Ketamine, also known as “Special K,” is a powerful dissociative hallucinogen which causes a user to feel completely detached from the world, their perceptions of sight and sound completely distorted by the drug.  It has been reported by drug users that it provides an almost instantaneous relief from depression, and these reports have been followed up by scientists doing real research.  This research has shown that the claims of ketamine’s almost miraculous antidepressant properties are indeed true, and that this “club drug” may be the solution to depression.

For the past 40 years, since the discovery of Prozac, the treatment of depression has not changed, and for many people the traditional drugs do not work.  Most traditional antidepressants work by decreasing the reabsorption of seratonin and allowing normal cellular communication to happen.  This can take weeks for the process to start in a way that is observable, and it doesn’t always work.  Ketamine allows the brain to quickly regrow neural connections, but it unfortunately also causes hallucinations so it should not be used as a common drug.

The structure of a drug is a hugely important part of how the drug affects the brain, so by observing the structure of ketamine scientists can develop other drugs that treat depression in the same way that ketamine does but without the side effect of hallucinations.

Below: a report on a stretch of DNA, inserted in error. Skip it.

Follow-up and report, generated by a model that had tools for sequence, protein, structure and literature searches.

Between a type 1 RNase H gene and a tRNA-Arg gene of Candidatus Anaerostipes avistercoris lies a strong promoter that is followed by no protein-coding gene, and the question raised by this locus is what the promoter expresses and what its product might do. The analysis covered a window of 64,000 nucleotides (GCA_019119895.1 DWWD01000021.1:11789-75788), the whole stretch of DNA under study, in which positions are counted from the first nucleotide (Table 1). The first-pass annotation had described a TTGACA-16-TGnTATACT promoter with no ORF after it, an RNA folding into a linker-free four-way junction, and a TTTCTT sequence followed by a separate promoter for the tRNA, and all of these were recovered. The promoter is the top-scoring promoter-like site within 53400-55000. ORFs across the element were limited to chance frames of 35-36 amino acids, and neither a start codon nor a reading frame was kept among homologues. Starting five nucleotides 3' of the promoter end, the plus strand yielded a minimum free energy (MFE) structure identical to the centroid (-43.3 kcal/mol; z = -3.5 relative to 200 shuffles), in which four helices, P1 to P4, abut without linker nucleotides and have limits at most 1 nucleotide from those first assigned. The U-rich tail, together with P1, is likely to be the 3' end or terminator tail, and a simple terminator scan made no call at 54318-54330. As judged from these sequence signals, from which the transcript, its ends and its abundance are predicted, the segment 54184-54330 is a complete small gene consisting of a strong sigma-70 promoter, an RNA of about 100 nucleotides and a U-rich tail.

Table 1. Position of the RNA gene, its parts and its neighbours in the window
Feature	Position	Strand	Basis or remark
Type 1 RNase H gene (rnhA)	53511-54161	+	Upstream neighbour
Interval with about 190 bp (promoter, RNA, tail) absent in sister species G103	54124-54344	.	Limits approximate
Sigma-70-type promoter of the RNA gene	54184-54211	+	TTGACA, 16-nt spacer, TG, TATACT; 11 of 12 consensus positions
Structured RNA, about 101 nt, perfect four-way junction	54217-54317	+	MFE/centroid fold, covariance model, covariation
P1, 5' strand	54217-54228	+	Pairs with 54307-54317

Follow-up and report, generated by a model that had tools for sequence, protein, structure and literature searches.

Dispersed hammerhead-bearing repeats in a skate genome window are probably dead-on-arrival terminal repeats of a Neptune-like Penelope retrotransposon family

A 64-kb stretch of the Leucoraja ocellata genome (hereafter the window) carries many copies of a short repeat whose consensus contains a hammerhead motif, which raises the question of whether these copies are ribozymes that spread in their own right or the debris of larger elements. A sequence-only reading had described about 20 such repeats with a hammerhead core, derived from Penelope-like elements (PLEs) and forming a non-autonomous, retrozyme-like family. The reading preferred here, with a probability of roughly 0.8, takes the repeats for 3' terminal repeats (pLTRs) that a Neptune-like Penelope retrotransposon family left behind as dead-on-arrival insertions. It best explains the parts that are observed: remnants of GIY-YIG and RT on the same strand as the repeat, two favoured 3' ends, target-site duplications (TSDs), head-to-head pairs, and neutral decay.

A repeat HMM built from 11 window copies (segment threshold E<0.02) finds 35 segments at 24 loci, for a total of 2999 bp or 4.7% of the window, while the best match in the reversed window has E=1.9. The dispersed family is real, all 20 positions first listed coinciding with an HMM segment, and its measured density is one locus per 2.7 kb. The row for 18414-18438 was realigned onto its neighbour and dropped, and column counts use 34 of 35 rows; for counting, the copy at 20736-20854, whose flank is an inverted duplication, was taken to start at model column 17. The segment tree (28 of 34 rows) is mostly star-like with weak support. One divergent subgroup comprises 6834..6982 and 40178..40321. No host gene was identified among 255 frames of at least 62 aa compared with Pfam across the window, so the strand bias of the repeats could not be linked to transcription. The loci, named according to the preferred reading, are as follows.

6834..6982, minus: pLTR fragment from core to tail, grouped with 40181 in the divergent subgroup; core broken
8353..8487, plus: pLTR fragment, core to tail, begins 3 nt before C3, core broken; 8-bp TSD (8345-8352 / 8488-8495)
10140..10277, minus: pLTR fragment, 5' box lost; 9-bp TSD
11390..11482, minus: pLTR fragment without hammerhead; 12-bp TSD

ketamine 1               atorvastatin

                   Ketamine                                                                                  Lipitor

Ketamine is absorbed extremely quickly into tissues such as brain tissue when put in the body parenterally (through a means that is not the mouth), which is what causes the very fast relief from depression.  The fact that ketamine is a relatively small molecule compared with many drugs such as Lipitor, Prograf, and amoxicillin would account for the quick absorption.  A drug that works in a way similar to ketamine would have to be of a similar size, and with a similar structure to allow it to work with the same chemicals in the brain that ketamine does. 

One response »

  1. Freida Stalzer says:

    Hey dear from a femalefan maintain the great blog

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